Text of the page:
Hi friends. For Music Monday this week I’d like to share a terrific segment I heard on NPR’s On The Media. It explores the ability of music to elicit emotions in its listeners and identifies the specific elements that create such an effect.
Every one of us has experienced intense responsiveness to a piece of music at some point. Some of us have even been moved to tears. And if not moved to tears, to a feeling of emotional arousal that causes us to get lost in the moment. It’s quite thrilling when it happens. I feel tremendous emotional response when I listen to Beethoven. But of course, Beethoven was a master at provoking emotional response. Nobody does it better in my opinion.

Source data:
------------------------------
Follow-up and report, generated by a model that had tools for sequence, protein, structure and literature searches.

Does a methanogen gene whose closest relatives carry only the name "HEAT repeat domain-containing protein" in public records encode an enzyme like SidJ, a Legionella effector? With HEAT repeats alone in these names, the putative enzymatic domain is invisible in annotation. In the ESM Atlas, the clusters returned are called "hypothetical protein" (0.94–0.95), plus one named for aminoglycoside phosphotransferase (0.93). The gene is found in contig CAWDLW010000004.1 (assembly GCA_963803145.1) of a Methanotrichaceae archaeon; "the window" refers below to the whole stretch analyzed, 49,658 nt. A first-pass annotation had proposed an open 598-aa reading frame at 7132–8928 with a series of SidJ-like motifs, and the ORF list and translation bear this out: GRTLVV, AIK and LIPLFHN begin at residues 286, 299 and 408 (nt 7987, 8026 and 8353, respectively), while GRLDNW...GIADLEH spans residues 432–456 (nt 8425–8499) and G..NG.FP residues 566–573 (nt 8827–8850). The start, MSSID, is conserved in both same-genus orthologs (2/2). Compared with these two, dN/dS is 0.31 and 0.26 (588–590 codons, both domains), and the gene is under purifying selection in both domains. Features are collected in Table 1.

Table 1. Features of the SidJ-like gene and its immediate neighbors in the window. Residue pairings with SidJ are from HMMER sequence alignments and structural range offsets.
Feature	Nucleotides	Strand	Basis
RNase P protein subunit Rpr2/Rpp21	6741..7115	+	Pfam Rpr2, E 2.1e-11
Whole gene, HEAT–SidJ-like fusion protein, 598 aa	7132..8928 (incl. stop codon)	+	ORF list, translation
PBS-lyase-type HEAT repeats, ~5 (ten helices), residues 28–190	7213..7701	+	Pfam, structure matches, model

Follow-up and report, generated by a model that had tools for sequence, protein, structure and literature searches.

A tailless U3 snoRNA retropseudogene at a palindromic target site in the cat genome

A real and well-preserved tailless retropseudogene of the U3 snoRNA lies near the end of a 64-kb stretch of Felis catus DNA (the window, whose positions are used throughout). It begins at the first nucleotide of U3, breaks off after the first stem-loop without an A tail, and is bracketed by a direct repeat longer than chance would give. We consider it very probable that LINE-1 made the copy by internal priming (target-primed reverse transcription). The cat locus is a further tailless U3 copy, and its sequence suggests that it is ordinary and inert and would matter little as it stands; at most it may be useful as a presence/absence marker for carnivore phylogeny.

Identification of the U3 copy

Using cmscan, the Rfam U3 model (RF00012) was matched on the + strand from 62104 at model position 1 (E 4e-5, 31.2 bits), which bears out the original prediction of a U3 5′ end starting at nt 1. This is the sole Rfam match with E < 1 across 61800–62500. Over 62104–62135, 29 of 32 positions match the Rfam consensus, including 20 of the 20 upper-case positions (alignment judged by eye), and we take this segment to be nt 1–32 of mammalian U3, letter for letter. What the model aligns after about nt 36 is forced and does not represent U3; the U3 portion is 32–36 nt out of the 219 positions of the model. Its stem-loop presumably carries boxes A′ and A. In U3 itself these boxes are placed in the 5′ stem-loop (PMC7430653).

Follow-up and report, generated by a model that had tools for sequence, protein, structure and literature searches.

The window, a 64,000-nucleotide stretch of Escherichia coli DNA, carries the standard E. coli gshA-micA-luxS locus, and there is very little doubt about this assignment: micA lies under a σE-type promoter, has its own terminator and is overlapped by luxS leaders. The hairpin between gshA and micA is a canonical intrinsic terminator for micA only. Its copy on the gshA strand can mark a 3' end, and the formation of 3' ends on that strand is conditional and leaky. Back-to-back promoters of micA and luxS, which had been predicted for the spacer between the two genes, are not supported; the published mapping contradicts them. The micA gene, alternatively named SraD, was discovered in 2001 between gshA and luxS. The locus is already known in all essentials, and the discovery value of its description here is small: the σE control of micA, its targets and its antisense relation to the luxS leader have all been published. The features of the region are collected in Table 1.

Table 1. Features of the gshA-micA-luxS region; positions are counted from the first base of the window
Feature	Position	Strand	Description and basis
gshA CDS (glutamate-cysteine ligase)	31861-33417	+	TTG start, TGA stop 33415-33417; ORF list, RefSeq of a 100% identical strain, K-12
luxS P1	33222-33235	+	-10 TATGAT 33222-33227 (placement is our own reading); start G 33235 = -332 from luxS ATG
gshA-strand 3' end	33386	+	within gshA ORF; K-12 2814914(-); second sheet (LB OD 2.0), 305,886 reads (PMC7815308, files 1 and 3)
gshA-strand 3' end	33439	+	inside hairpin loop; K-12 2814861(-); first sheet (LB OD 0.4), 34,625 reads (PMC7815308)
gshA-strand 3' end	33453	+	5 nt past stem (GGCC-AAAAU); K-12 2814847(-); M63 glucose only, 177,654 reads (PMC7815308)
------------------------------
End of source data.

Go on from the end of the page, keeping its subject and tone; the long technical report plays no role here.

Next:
The guest in the On The Media segment is Dan Levitin, professor of Psychology, Behavioural Neuroscience, and Music at McGill University. He explains some compositional elements of music that work effectively in creating responsiveness, such as the use of arpeggiated chords, also known as broken chords. The opening measures of Beethoven’s “Moonlight Sonata”, which Levitin uses in the segment, is a perfect example of the arpeggio effect and how it taps into the feelings of the listener. Other factors include some element of surprise – unexpected flourishes, rhythms, crescendos, and spurts of dissonance.
The segment is only seven minutes long but well worth a listen. Very interesting and enjoyable.
Saint Cecilia by John William Waterhouse: